Electromagnetic (EM) duality is a generic symmetry of Maxwell’s equations in free space or any combination of materials1 with a fixed ratio between permittivity ϵ and permeability μ. The EM duality demonstrates that, with appropriate normalization, Maxwell’s equations are invariant under the transformation of: EH, H→−E. Here E is the electric field, and H is the auxiliary field. When the ratio of ϵ/μ is not a constant in space, this duality is broken. Nevertheless, we note that a “general duality”2, 3 can still be preserved in matter, as defined by the replacements:

$$\left(\epsilon,\,\mu {{{{{\rm{;}}}}}}\,{{{{{\bf{E}}}}}},\,{{{{{\bf{H}}}}}}\right)\to \left(\mu,\,\epsilon {{{{{\rm{;}}}}}}\,{{{{{\bf{H}}}}}},\,-{{{{{\bf{E}}}}}}\right)$$

In fact, this general duality, which maps one system described by (ϵ, μ) to a different system with (μ, ϵ), is always preserved, as long as no charges are present; namely, ·D = ·B = 0. Beyond EM systems, general duality can be further extended to composite systems, where EM fields are coupled to other degrees of freedom. One example is the general duality between piezoelectric (PZE) systems, where the strain field ε is coupled to the electric field (ε = Sσ+deE, σ is the stress field)4, 5, and piezomagnetic (PZM) systems, where strain is coupled to the auxiliary field (ε=Sσ+dmH)6, 7. Specifically, this general duality is captured by the transformation:

$$\left(\epsilon,\,\mu,\, {d}_{e},\,{d}_{m}{{{{{\rm{;}}}}}}\,{{{{{\boldsymbol{\sigma }}}}}},\,{{{{{\bf{E}}}}}},\,{{{{{\bf{H}}}}}}\right)\to \left(\mu,\,\epsilon,\,{d}_{m},\,-{d}_{e}{{{{{\rm{;}}}}}}\,{{{{{\boldsymbol{\sigma }}}}}},\,{{{{{\bf{H}}}}}},\,{{{{{\rm{-}}}}}}{{{{{\bf{E}}}}}}\right)$$

The transformed solution of (σ, H, −E) is a solution to the new system, defined by (μ, ϵ, dm, −de) if (σ, E, H) is a solution to the original system described by (ϵ, μ, de, dm). Furthermore, the two solutions share the same frequency.

While this general duality transformation may seem straightforward from the mathematical point of view, it leads to interesting physical consequences in terms of symmetry and topology. For example, breaking time-reversal symmetry \({{{{{\mathcal{T}}}}}}\) is a necessary (but not sufficient) condition8 for non-trivial Chern numbers, allowing for the Chern insulator phases. But in some \({{{{{\mathcal{T}}}}}}\)-broken cases, the general duality strictly forbids Chern insulator phase. Specifically, a PZM system9, 10 necessarily breaks \({{{{{\mathcal{T}}}}}}\), but preserves inversion symmetry, \({{{{{\mathcal{P}}}}}}\), allowing the Chern insulator phase; meanwhile, a PZE system5 preserves \({{{{{\mathcal{T}}}}}}\) but breaks \({{{{{\mathcal{P}}}}}}\), forbidding the Chern insulator phase. The two systems, having very different symmetries, support fundamentally different topological phases, yet the duality connection between their fields requires them to share the same topological invariants, such as Berry curvatures and Chern numbers. As a result, we find all phononic bands have zero Chern number, even if \({{{{{\mathcal{T}}}}}}\) is broken in PZM systems.

Here we apply this general duality to develop insights into PZE and PZM systems as well as phononic Chern insulators. Since PZE systems preserve \({{{{{\mathcal{T}}}}}}\), we find that an effective time-reversal symmetry \(\widetilde{{{{{{\mathcal{T}}}}}}}\) emerges in PZM systems via the general duality, and this symmetry protects degeneracies and prevents the opening of topological bandgaps. We further show that doping charges can break both the general duality and \(\widetilde{{{{{{\mathcal{T}}}}}}}\), enabling the design of phononic Chern insulators that support backscattering-immune chiral edge states. In contrast to standard methods to break reciprocity, our approach does not require an external magnetic field11,12,13,14,15,16,17 or driving field18,19,20,21,22,23,24, making it potentially useful in low-power or low-temperature radio frequency applications.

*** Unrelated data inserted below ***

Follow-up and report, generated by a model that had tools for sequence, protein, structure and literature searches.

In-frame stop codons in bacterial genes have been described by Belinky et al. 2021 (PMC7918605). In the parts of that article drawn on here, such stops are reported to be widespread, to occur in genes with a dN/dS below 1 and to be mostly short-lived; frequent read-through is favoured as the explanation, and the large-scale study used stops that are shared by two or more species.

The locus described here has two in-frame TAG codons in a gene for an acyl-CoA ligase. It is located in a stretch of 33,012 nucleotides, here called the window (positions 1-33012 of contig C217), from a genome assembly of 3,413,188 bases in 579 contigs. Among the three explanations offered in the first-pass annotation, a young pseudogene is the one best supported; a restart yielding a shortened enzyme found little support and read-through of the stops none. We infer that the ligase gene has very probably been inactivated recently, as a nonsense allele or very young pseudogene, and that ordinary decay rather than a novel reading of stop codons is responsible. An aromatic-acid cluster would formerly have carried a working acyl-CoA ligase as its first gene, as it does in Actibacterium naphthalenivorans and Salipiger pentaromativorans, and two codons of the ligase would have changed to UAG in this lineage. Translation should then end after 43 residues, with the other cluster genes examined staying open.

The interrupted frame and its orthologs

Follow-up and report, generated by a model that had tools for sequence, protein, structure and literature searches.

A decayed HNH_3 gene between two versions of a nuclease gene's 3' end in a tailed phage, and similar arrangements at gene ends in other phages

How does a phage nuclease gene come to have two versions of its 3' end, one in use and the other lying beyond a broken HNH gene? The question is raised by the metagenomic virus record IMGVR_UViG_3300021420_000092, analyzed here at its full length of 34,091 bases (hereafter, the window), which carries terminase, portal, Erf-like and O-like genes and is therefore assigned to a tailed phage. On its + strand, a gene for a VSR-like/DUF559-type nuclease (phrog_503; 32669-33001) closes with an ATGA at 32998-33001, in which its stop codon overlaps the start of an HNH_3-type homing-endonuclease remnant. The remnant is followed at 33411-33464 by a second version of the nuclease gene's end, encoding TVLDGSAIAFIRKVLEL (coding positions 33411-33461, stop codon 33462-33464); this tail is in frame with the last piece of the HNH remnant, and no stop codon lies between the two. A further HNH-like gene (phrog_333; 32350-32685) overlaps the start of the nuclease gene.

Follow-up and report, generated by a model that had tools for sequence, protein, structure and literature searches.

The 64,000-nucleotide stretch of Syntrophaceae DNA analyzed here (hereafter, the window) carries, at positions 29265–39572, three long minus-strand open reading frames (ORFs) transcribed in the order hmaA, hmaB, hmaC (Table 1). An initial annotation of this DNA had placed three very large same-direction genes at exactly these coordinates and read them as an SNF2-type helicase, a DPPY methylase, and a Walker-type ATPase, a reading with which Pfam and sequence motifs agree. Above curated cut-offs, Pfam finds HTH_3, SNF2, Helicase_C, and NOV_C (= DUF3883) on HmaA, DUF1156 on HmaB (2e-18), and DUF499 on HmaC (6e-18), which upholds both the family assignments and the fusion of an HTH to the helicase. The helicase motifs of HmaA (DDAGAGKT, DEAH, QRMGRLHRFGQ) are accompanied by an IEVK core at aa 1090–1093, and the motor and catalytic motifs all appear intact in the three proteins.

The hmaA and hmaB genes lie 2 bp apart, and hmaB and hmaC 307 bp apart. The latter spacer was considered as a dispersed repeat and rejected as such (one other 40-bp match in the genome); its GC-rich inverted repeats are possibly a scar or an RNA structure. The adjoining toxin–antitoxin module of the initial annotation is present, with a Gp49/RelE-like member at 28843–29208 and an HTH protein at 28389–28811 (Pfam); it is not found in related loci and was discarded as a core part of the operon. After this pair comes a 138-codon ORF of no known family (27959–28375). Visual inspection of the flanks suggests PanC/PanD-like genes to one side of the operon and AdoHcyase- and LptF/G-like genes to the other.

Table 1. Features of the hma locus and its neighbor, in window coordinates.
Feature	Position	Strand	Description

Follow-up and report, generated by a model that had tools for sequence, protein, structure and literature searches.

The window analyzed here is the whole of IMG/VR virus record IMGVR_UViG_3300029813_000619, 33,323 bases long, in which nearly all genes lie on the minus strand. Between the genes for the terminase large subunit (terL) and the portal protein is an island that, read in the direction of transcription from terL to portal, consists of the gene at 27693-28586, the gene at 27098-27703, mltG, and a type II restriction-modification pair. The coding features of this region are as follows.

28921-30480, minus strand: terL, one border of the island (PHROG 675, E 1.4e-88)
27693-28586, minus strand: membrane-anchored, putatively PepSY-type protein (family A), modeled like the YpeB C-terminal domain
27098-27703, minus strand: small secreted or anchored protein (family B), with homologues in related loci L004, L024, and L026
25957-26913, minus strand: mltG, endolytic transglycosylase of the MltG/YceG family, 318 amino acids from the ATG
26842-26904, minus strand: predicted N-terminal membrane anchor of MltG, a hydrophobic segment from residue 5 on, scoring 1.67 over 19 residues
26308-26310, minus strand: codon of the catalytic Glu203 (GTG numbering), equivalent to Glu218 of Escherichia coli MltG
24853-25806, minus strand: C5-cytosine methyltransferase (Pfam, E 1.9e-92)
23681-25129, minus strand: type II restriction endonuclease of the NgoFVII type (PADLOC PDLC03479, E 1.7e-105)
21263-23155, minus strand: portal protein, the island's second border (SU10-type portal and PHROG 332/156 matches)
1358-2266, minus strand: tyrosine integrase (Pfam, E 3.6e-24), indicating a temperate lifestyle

Master equation and the general duality

We start by deriving the master equation that couples linear elasticity to electromagnetic waves via the PZE and PZM effects. Our theoretical framework extends beyond the commonly adopted quasi-static approximation4, 7. It reads:

$${{{{{\mathcal{H}}}}}}{{{{{\boldsymbol{\psi }}}}}}=i{\partial }_{t}{{{{{\mathcal{B}}}}}}{{{{{\boldsymbol{\psi }}}}}}$$
$${{{{{\mathcal{H}}}}}} =\left[\begin{array}{cccc} & i{M}_{\partial }^{T} & & \\ i{M}_{\partial } & & iq{I}_{3} & \\ & -{iq}{I}_{3} & & i\nabla \times \\ & & -i\nabla \times & \end{array}\right]{{{{{\mathcal{,}}}}}}\,{{{{{\mathcal{B}}}}}}{{{{{\mathcal{=}}}}}}\left[\begin{array}{cccc}S & & {d}_{e} & {d}_{m}\\ & \rho & & \\ {d}_{e}^{{{\dagger}} } & & \epsilon & \\ {d}_{m}^{{{\dagger}} } & & & \mu \end{array}\right],\\ {M}_{\partial } =\left[\begin{array}{cccccc}{\partial }_{x} & & & & {\partial }_{z} & {\partial }_{y}\\ & {\partial }_{y} & & {\partial }_{z} & & {\partial }_{x}\\ & & {\partial }_{z} & {\partial }_{y} & {\partial }_{x} & \end{array}\right]$$

The master equation can be viewed as an eigenvalue problem, with \({{{{{\boldsymbol{\psi }}}}}}\) = [σ, v, E, H]T being the eigenstate, where u is the mechanical displacement and v, the velocity, v = ∂tu; S, the mechanical compliance matrix; ρ, the mass density; I3, rank-3 identity matrix; and q, the doping charge density. A detailed derivation of Eq. 3 is included in Section 1 of the Supplementary Information.

This set of equations can be intuitively understood as follows: the first row represents the constitutive relationship between σ, v, E, and H, taking into account PZE and PZM effects. See Supplementary Information Section 2 for a simplified model of the PZM effect. The second row is the elastic equation of motion to linear order. The third and fourth rows are the modified Maxwell’s equations, taking into account doping charges and the PZE and PZM responses. We note that our model allows coupling to doping charges and is, thus, different from the master equation for common dielectric materials: the electric field applies forces on charged dopants, leading to stress and induced strain in the material. The reversed process is also included in the model, where stress causes doped charges to move and produce an EM field. Neither of these processes exist in standard dielectric materials where the charge separation is too small to have effect on acoustic phonons. The examples covered in the main text include dm real with de = 0, and de real with dm = 0. Systems where both dm and de are non-zero are of the Tellegen type and have been considered by others25, 26. The case of complex valued dm is discussed in the Section 3 of the Supplementary Information.